About the Author
ROB EASTAWAY is a freelance writer and lecturer. His books include The Guinness Book of Mindbenders and What Is a Googly?
JEREMY WYNDHAM, Ph.D., runs a market research company. He has a Ph.D. in physics and was a junior international bridge player.
Table of Contents
Why Can't I Find a Four-leafed Clover?: Links between Nature and Mathematics.
Which Way Should I Go?: From Postmen to Taxi Drivers.
How Many People Watch Friends?: Most Public Statistics Come from Surveys, But How Reliable are They?
Why Do Clever People Get Things Wrong?: Sometimes Experience and Intelligence Can Be a Disadvantage.
What's the Best Bet?: Lotteries, Horses and Casinos All Offer the Chance of a Big Prize.
How Do You Explain a Coincidence?: Coincidences Aren't as Surprising as You Would Think.
What's the Best View of the Statue of Liberty?: Everyday Geometries, from Snooker to Statues.
How Do You Keep a Secret?: Code-making and Breaking Isn't Just for Spies.
Why Do Buses Come in Threes?: Travelling without a Car Leads to All Sorts of Conundrums.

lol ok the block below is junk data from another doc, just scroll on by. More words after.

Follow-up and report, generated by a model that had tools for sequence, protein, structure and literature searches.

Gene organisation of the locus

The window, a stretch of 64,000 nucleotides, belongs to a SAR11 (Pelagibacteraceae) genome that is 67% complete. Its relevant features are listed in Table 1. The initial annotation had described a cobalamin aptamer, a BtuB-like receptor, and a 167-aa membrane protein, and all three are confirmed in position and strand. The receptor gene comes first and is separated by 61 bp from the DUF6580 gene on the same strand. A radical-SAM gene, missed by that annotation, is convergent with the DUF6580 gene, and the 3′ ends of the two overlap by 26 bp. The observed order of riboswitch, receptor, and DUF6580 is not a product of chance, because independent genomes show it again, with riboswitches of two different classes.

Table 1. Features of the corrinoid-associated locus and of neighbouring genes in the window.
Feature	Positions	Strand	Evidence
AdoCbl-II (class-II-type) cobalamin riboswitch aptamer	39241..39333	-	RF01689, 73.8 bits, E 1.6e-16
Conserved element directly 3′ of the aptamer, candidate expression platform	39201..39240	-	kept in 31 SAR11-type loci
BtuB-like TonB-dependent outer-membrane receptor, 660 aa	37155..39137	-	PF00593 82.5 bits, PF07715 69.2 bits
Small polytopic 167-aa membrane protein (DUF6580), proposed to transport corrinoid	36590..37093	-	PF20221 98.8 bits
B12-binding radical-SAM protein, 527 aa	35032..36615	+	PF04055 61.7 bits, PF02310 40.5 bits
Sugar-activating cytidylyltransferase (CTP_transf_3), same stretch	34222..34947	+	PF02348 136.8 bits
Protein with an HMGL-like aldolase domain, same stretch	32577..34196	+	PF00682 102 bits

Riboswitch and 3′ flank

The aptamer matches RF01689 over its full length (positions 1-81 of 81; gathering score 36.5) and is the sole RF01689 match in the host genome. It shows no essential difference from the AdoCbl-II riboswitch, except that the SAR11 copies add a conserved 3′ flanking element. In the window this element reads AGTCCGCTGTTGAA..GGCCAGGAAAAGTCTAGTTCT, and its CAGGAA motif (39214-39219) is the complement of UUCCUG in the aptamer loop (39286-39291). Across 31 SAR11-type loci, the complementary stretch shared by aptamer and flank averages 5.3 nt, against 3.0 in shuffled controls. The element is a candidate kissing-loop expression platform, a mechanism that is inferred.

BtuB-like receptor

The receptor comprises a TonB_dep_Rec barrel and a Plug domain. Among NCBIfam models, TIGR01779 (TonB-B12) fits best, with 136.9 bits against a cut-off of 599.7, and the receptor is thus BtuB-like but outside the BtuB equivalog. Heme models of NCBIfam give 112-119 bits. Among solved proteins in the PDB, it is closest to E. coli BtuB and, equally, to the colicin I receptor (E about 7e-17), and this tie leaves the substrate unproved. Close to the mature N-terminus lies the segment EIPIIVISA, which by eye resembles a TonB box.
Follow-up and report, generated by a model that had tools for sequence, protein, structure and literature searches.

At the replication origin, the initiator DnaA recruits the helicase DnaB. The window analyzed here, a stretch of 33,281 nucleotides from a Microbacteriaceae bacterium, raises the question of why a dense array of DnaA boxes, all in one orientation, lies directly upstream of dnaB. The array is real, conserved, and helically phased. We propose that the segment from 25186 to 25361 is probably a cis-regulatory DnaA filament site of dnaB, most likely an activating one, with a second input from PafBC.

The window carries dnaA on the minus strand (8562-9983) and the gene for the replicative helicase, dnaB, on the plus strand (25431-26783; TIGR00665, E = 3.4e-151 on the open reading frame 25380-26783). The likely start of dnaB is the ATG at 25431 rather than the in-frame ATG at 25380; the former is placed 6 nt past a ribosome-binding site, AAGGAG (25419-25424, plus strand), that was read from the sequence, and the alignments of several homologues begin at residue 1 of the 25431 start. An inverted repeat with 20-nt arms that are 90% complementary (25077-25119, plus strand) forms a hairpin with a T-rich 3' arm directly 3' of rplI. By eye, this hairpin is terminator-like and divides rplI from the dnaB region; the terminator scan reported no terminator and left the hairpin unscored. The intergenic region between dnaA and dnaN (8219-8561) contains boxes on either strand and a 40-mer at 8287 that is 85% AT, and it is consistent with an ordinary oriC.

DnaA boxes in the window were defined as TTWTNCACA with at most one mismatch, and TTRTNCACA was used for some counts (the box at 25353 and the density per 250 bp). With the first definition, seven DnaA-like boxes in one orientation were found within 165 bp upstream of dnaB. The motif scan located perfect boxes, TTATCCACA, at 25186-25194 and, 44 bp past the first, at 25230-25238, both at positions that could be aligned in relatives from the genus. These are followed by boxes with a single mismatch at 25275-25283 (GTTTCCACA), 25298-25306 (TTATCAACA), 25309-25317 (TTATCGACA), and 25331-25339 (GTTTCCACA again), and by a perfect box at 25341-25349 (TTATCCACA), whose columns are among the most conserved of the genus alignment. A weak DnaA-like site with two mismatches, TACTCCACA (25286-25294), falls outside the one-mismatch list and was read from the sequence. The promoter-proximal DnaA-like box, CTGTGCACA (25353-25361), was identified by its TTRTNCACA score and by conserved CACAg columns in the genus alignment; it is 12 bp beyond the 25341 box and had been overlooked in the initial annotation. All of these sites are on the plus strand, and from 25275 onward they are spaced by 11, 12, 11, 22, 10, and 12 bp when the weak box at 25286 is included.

What's the Best Way to Cut a Cake?: Why Four O'Clock Can Be the Time for Some Mathematical Headaches.
How Can I Win without Cheating?: Almost Everything in Life Can Be Analysed as a Game.
Who's the Best Player in the World?: The Mathematics Behind Sports Rankings.
What Happened to Chapter 13?: Can Bad Luck Be Explained?
Whodunnit?: Everyday Logic, From Murder Mysteries to Political Statistics.
Why Am I Always in Traffic Jams?: Motorways, Escalators and Supermarkets All Have One Thing in Common: Queues.
Why are Showers Always Too Hot or Cold?: From Squealing Microphones to Population Explosions.
How Can I Get the Meal Ready on Time?: Critical Paths and Other Scheduling Problems.
How Can I Entertain the Kids?: Numbers Can Be Magic.
References.
Index.